Photo ©Tim Griffith


Ogrydziak/Prillinger Architects

San Francisco

By Joann Gonchar, AIA

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Low energy use was a particular priority for the Triskelion, a 1,300-square-foot moveable pavilion commissioned by the nonprofit arts organization FOR-SITE. Designed by Ogrydziak/Prillinger Architects, San Francisco, the building consists of three shipping containers arranged at 120-degree angles to define a central skylit atrium. Since May 2010 it has been installed at the Presidio, where it was part of the yearlong Presidio Habitats—an exhibition of artist-created animal habitats distributed around one corner of the national park. The pavilion served as a space for the display of sketches and models.

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Continuing Education

To earn one AIA/CES continuing education hour (CEH), including one hour of health, safety, and welfare/sustainable design (HSW/SD) credit, read the “Lighting within Limits” story and the related stories on the Frick Chemistry Laboratory, the Yotel, the Triskelion, and the Watha T. Daniel – Shaw Neighborhood Library. Then complete the test online at no charge.

Learning Objectives

  • Discuss recent changes in energy codes as they pertain to lighting design.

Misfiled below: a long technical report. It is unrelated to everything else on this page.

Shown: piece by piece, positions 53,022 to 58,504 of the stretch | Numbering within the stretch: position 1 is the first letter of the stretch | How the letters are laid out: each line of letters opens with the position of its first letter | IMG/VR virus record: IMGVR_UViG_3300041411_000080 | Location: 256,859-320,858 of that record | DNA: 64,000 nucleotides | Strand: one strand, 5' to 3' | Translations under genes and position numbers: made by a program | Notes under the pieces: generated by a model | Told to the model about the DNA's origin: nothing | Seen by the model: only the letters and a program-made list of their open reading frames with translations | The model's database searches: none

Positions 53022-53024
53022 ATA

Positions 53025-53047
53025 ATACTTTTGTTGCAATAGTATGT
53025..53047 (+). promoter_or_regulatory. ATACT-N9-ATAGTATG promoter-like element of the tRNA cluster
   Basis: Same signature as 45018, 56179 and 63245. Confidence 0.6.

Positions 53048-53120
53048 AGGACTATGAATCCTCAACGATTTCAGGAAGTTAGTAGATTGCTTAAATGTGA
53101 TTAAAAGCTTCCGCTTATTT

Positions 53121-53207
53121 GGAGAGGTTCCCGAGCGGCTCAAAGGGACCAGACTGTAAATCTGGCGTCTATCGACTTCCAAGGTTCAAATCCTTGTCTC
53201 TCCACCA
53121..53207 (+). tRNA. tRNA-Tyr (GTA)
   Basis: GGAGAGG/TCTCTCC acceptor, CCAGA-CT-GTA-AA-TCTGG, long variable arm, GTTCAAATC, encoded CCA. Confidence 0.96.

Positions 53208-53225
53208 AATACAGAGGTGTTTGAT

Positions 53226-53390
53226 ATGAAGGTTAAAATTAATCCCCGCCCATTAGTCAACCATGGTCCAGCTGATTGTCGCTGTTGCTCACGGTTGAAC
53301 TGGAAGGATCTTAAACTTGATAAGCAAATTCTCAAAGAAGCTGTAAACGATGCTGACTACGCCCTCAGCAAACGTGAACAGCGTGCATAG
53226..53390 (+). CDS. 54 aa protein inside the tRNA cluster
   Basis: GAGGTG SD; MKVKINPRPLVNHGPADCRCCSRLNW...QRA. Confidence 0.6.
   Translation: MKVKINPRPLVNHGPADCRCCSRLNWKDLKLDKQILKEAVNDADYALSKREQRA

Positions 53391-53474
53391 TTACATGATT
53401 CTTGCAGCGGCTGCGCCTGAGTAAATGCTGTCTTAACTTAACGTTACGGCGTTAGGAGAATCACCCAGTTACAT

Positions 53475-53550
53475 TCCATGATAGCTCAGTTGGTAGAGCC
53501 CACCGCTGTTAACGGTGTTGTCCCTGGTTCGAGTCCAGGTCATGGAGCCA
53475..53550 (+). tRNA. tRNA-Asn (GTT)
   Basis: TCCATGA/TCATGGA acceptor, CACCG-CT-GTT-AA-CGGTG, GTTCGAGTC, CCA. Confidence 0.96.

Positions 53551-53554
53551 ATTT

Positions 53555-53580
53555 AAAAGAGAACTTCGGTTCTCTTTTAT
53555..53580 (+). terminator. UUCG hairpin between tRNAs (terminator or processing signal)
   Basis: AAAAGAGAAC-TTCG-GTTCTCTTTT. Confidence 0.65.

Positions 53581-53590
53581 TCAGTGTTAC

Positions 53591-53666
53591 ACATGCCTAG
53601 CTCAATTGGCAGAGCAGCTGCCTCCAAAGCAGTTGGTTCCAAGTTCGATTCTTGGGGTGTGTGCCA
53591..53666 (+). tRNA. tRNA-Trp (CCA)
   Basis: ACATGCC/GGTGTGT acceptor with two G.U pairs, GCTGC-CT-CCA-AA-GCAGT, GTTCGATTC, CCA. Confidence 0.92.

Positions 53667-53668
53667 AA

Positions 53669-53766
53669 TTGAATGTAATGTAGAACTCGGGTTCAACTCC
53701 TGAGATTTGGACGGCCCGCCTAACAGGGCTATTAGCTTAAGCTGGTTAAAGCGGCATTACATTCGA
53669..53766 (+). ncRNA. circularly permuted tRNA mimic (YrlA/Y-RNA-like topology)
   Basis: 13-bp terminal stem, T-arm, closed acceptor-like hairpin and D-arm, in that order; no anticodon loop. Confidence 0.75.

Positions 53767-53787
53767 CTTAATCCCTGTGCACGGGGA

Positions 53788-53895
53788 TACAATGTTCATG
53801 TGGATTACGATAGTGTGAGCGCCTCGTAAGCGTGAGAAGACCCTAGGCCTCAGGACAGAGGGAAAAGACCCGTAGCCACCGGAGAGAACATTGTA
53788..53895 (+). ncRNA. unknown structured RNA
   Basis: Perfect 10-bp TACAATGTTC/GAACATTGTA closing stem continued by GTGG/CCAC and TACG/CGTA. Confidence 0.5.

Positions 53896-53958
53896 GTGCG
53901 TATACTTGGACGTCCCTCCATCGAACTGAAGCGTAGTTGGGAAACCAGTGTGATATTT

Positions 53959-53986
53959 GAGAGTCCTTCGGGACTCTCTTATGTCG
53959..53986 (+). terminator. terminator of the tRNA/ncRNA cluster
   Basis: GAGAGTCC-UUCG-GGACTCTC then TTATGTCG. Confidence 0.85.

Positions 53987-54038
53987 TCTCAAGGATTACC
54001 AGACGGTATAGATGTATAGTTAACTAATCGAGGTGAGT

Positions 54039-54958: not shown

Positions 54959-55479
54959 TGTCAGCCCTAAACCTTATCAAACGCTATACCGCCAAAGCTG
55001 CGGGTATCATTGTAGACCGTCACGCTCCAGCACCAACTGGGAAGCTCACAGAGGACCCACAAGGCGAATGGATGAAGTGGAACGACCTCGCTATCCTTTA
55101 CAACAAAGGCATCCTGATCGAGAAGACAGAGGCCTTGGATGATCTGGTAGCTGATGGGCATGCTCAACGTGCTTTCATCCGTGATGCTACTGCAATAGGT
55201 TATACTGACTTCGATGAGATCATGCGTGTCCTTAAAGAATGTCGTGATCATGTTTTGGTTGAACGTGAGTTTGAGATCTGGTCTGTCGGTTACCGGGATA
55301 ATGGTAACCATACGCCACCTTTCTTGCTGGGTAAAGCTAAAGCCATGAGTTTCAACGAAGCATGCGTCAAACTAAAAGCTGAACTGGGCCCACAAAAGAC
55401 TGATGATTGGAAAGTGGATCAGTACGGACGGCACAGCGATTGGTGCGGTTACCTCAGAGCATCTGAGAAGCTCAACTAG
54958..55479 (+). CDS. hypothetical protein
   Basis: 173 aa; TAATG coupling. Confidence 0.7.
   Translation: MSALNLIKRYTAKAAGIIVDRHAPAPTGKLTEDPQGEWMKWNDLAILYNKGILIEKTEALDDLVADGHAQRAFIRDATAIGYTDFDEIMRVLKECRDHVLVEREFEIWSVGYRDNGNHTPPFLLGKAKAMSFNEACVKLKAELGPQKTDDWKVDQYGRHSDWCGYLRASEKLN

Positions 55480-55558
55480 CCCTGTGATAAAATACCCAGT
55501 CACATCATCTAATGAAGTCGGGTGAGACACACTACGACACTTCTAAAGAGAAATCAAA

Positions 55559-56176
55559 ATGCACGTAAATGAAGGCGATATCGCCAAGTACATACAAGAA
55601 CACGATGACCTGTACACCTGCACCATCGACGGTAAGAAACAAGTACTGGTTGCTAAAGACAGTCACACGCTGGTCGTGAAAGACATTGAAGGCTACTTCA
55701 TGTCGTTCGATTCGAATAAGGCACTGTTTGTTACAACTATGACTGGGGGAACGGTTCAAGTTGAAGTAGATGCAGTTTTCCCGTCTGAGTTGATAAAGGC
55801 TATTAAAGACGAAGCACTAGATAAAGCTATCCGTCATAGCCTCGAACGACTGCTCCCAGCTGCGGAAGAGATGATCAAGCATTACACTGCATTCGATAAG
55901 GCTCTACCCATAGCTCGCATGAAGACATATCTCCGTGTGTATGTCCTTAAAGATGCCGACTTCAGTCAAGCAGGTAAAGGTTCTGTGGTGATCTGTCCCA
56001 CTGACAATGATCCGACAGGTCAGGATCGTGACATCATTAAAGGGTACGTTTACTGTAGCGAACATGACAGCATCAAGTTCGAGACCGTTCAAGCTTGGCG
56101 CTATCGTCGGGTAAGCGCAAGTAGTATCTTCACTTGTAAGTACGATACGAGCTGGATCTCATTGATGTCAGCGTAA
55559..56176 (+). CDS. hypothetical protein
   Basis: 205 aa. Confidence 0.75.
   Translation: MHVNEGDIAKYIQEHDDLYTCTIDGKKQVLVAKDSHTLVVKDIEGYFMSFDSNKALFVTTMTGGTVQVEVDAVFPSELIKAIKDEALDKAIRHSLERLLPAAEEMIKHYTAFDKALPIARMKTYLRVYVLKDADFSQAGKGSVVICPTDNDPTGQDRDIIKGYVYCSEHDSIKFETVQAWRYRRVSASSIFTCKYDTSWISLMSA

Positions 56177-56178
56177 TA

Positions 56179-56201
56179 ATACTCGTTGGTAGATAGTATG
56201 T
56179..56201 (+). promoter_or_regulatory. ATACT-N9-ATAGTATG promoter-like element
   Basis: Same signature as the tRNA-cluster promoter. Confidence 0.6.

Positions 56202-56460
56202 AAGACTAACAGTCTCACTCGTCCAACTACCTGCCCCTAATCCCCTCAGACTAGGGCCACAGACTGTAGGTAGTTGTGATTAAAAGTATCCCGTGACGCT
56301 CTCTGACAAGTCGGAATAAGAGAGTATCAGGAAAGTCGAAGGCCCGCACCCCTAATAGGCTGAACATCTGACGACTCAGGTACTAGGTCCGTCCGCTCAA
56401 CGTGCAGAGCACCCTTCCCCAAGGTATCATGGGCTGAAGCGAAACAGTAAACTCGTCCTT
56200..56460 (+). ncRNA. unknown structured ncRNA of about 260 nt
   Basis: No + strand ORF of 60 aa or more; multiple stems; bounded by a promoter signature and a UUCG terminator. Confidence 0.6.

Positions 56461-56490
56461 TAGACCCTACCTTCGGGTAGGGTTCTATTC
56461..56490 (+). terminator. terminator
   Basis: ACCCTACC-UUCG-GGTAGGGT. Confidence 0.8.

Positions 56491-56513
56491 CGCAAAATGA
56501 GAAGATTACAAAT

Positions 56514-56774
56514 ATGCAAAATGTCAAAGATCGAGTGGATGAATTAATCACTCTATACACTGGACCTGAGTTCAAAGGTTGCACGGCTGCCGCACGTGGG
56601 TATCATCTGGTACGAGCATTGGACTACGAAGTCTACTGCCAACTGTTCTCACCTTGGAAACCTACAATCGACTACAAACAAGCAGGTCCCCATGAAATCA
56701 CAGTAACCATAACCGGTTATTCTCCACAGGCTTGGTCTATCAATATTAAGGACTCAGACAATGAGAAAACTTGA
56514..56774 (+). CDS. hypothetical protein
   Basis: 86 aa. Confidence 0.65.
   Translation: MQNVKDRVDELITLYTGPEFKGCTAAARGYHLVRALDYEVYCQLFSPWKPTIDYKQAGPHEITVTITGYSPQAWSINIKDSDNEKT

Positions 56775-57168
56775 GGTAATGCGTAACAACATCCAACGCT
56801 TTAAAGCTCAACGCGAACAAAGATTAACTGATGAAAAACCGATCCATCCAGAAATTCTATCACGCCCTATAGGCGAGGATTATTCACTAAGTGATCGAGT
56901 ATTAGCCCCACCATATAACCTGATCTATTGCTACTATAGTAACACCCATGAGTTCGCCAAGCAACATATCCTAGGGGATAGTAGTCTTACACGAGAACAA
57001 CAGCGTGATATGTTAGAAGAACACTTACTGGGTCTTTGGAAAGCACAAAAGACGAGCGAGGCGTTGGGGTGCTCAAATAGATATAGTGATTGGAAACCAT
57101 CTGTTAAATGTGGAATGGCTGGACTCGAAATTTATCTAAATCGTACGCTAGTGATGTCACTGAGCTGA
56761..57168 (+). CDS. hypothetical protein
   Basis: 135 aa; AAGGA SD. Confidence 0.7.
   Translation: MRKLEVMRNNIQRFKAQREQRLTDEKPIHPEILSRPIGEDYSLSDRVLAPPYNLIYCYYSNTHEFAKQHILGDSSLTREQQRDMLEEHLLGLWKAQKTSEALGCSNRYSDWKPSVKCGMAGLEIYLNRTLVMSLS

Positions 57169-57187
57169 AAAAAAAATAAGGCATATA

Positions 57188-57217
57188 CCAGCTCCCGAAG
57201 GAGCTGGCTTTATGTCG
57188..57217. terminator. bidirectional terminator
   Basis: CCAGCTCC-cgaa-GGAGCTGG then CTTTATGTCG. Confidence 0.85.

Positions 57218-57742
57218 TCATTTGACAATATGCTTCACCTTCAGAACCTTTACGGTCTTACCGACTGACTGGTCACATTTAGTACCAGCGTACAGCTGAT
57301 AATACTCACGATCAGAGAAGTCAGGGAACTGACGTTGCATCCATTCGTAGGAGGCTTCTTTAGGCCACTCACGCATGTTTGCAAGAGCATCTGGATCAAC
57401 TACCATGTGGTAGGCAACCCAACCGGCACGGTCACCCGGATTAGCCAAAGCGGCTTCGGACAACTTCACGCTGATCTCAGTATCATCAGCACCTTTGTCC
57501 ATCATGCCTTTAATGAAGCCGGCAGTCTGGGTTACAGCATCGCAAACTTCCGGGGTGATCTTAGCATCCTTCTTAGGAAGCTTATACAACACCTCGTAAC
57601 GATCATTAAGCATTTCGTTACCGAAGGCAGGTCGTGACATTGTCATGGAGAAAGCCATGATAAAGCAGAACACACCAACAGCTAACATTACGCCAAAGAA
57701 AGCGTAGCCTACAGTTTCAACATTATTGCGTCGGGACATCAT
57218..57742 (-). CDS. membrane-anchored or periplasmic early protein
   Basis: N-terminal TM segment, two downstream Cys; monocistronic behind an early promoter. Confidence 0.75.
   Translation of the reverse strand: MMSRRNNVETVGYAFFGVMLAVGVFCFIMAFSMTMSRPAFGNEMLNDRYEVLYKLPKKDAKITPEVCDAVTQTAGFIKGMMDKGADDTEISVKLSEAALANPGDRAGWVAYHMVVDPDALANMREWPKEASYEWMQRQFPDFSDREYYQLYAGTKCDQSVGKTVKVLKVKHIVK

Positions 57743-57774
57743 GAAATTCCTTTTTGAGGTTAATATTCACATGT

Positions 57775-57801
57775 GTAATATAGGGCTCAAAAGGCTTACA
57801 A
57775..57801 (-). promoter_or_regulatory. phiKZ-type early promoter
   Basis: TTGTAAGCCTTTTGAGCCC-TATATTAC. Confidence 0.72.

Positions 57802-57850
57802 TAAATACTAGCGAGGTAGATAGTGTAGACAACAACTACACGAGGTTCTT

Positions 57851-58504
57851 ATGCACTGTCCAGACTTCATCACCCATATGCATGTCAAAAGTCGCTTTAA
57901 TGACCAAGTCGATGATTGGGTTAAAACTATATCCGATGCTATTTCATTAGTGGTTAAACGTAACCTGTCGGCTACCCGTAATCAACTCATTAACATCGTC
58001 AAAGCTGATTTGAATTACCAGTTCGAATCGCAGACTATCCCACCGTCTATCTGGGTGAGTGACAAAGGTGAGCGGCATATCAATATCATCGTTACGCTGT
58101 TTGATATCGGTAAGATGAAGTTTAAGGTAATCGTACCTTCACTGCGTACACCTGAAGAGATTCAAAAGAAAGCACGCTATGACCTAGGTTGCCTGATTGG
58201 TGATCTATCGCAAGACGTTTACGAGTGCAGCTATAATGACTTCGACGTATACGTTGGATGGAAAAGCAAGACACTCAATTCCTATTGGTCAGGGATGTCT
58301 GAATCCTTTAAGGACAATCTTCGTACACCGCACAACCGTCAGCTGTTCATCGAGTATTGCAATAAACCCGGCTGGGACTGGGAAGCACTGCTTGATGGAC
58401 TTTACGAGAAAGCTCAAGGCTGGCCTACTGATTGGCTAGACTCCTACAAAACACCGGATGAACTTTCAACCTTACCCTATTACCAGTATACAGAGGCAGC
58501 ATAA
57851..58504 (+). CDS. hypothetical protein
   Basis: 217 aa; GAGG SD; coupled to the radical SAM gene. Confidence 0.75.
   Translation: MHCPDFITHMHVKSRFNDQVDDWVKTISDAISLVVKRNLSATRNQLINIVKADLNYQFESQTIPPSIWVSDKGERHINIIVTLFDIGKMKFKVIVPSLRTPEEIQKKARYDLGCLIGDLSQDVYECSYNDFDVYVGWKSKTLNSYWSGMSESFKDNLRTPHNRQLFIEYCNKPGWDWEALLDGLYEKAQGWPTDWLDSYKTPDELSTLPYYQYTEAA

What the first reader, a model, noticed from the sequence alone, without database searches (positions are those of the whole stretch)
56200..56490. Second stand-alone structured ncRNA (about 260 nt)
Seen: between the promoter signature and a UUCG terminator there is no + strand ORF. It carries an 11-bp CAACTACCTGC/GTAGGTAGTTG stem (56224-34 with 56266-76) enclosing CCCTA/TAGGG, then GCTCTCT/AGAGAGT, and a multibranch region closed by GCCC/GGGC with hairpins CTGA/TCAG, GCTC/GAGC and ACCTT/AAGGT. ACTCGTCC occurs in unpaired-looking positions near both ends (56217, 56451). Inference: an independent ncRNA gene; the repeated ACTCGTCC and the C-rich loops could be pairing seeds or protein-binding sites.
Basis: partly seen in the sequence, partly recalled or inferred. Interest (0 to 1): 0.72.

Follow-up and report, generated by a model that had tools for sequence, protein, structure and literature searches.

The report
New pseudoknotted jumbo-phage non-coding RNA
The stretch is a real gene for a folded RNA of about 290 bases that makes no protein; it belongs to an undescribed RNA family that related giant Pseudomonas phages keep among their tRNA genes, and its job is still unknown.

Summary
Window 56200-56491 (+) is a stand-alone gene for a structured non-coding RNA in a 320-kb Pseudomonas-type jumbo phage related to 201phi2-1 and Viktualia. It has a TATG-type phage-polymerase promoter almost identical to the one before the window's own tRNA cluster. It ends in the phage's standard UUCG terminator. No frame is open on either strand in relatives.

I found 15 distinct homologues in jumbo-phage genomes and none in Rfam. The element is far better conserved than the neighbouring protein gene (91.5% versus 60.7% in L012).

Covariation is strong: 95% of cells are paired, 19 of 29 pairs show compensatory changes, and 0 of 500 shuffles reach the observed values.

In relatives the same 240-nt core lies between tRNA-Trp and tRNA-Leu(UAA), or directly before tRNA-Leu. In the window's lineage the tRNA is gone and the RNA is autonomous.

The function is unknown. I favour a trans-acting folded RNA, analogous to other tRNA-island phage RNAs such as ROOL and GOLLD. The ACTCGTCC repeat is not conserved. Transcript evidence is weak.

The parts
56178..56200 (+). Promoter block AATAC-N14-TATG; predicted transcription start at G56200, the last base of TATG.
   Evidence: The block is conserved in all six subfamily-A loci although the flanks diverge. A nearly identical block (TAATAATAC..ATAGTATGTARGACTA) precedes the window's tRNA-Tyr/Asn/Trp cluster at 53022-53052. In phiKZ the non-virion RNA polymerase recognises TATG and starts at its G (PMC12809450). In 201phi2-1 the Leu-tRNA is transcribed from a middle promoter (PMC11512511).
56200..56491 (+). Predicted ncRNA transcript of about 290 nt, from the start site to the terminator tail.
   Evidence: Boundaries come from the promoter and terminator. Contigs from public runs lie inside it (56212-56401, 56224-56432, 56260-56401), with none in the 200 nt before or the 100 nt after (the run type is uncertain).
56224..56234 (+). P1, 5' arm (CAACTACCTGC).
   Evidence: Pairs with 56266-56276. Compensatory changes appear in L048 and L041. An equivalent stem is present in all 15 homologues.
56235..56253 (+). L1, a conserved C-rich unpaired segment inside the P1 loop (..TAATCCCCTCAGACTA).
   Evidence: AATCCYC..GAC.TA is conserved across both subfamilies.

• Describe strategies for energy-efficient lighting design that satisfy occupant comfort needs.
  • Explain the relationship of advanced lighting controls systems and energy efficiency.
  • Define terms and identify metrics relevant to lighting design.

AIA/CES Course #K1202A

Take the Continuing Education Test

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Because Presidio officials required that the building be easily demountable and leave no trace of its existence once removed, the Triskelion could not tie into nearby utilities. It needed to be completely “untethered” from the site, says architect Luke Ogrydziak.

To meet the requirement, the project team devised an off-the-grid lighting scheme largely dependent on daylight penetrating the central skylight, windows at the ends of each container, and side openings. But for those times when daylight is insufficient, the power generated by a rooftop 4,440-W photovoltaic array illuminates photo-sensor-controlled T5 lamps inserted within fabric-covered coves. The light evenly washes the walls, creating an effect different from that found in most gallery settings, where individual pieces of art are typically highlighted against a dark background, explains George Loisos, principal of Bay Area–based Loisos + Ubbelohde, the project’s lighting and daylighting consultant. The more usual approach would have required track lights, but the containers had insufficient headroom, he says. The chosen strategy also offered the advantage of keeping the ceiling clear of fixtures, making the skylight opening seem like an abstract cut in the drywall plane, points out Ogrydziak.

One challenge was positioning the dimming sensors, since daylight enters the building from multiple directions. To identify the best spots, Loisos’s team moved the sensors within a virtual model and then simulated the response of the electric lights.

The Triskelion will remain at the Presidio through October and will host workshops associated with the 75th anniversary of the Golden Gate Bridge. FOR-SITE is considering options for the pavilion once the workshops end, including erecting it elsewhere in the city for use as its own offices.

February 2012
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